Saturday, August 28, 2010

Fish and Finns

"Our Side" of the Boat Ramp with Finns
Friday was a good day. SturgeUrge and I got to get a line wet. It's been a month since we got out to chase halibut on San Francisco Bay.

We got together Thursday night to catch up and watch some preseason football. SturgeUrge roasted chickens on the BBQ spit with some veggies and pineapple spears. A nice Chalone chardonnay tied everything together.

Friday morning I put together the boat lunch, packed the cooler, and checked the Outer Richmond Harbor Buoy just in case conditions weren't in the boat's "performance envelope" At 0730 the wind was South at 6mph, and Thursday at 0730 just about the same, increasing to 16mph around the time we'd be coming back in to put the boat back on the trailer at the end of our day.

So, I rolled over to the SturgeUrge Compound and we hitched up the boat, topped up our coffee and hit the road. Traffic was quite light...even for a Friday, and we made it to the Richmond Marina in great time. When we pulled up to the gate however, there was a Ford pickup blocking the coin-operated gate, and they're erected a huge white Event Tent in the parking lot...right next to the top of the boat ramp.

The pickup was a contractor's work truck, and we found the workers who moved the rig so we could pay the box a ten spot to open the gate, and get ready to launch. Inside the gate was a bustling scene that we'd never seen before.

The Big Tent wasn't for a party, it was the Finn Inspection Tent. There was one side panel left open on the corner adjacent to the top of the two lane boat ramp. This served as the entrance door to the carpeted tent. Staged outside this door were a dozen or so small racing sailboats on little hand operated trailers call dollies. The dozen or so Finn-Class racers, each on it's dolly did a bang up job of blocking one of the two lanes of our boat ramp! That would be the lane we usually use to launch and retrieve from.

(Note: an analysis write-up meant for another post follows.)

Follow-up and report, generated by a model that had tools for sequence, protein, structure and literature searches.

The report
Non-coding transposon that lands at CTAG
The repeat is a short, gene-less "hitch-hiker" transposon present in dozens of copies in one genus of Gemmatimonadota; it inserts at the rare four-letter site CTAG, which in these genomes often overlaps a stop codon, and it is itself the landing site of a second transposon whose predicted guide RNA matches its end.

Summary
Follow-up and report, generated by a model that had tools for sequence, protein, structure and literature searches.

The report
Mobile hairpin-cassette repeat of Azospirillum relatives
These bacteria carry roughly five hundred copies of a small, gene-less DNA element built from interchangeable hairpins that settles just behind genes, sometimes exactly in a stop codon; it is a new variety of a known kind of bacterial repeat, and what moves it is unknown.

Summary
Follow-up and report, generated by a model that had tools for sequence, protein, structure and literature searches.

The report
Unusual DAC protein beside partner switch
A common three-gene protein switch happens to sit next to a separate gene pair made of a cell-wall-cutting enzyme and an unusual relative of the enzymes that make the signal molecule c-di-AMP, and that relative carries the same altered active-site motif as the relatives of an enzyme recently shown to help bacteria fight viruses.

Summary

We shrugged off the glitch in our usual launch routine and used the eastern lane. SturgeUrge parked the tow rig and we motored out of the marina and towards our adventure. The wind had picked up in the two hours since I checked the buoy was up to 10mph or so, but well within our comfort zone.

Of course, Comfort Zone is a relative term...once we cleared the breakwall, and enter the Bay proper, we found some big groundswell that had swells of the perfect shape to optimize the spray so it could be carried by the freshening wind onto the just cleaned windshield, and over the winshield onto us!

We had the quick "Waddya think?" discussion and decided to do one drift over Southampton Shoals, the ground in the insistent groundswells.

It was a slow slog, the swells were steep and a couple of feet tall...occasionally the boat would be deep in the trough and the bow would dip a tiny bit of the oncoming swell...SturgeUrge handled the helm with aplomb as we slowly motored south towards the Berkeley Pier. We made it about a third of the way down the Shoals before the need to fish got the better of us. We knew that we'd be doing one drift on Southampton before we'd beat our way accross the Bay to the Tiburon shoreline named Paradise. I'm sure it got the name Paradise because of the wind shadow there that makes that part of the Bay seem like Paradise on Earth compared to the churning, blustery main body of the Bay!

We were about half way into a moderate incoming tide when we dropped our baits into the Bay, so the South wind aligned with the tidal current...perfect!

Somebody forgot to tell the halibut! We finished the slightly off-kilter drift without a bite...our baits came up without a scratch on 'em, so we headed over to Paradise.

There was still some wind at Paradise, but the water was flat. We made a couple of long drifts and SturgeUrge caught a Smooth Hound Shark of the usual size...around 20 inches long. Quickly released, the shark went home and we went about our business. I made lunch...ham and swiss on a sourdough roll. The slice of heirloom tomato, "Pineapple" variety, and the thin sliced red onion made it special.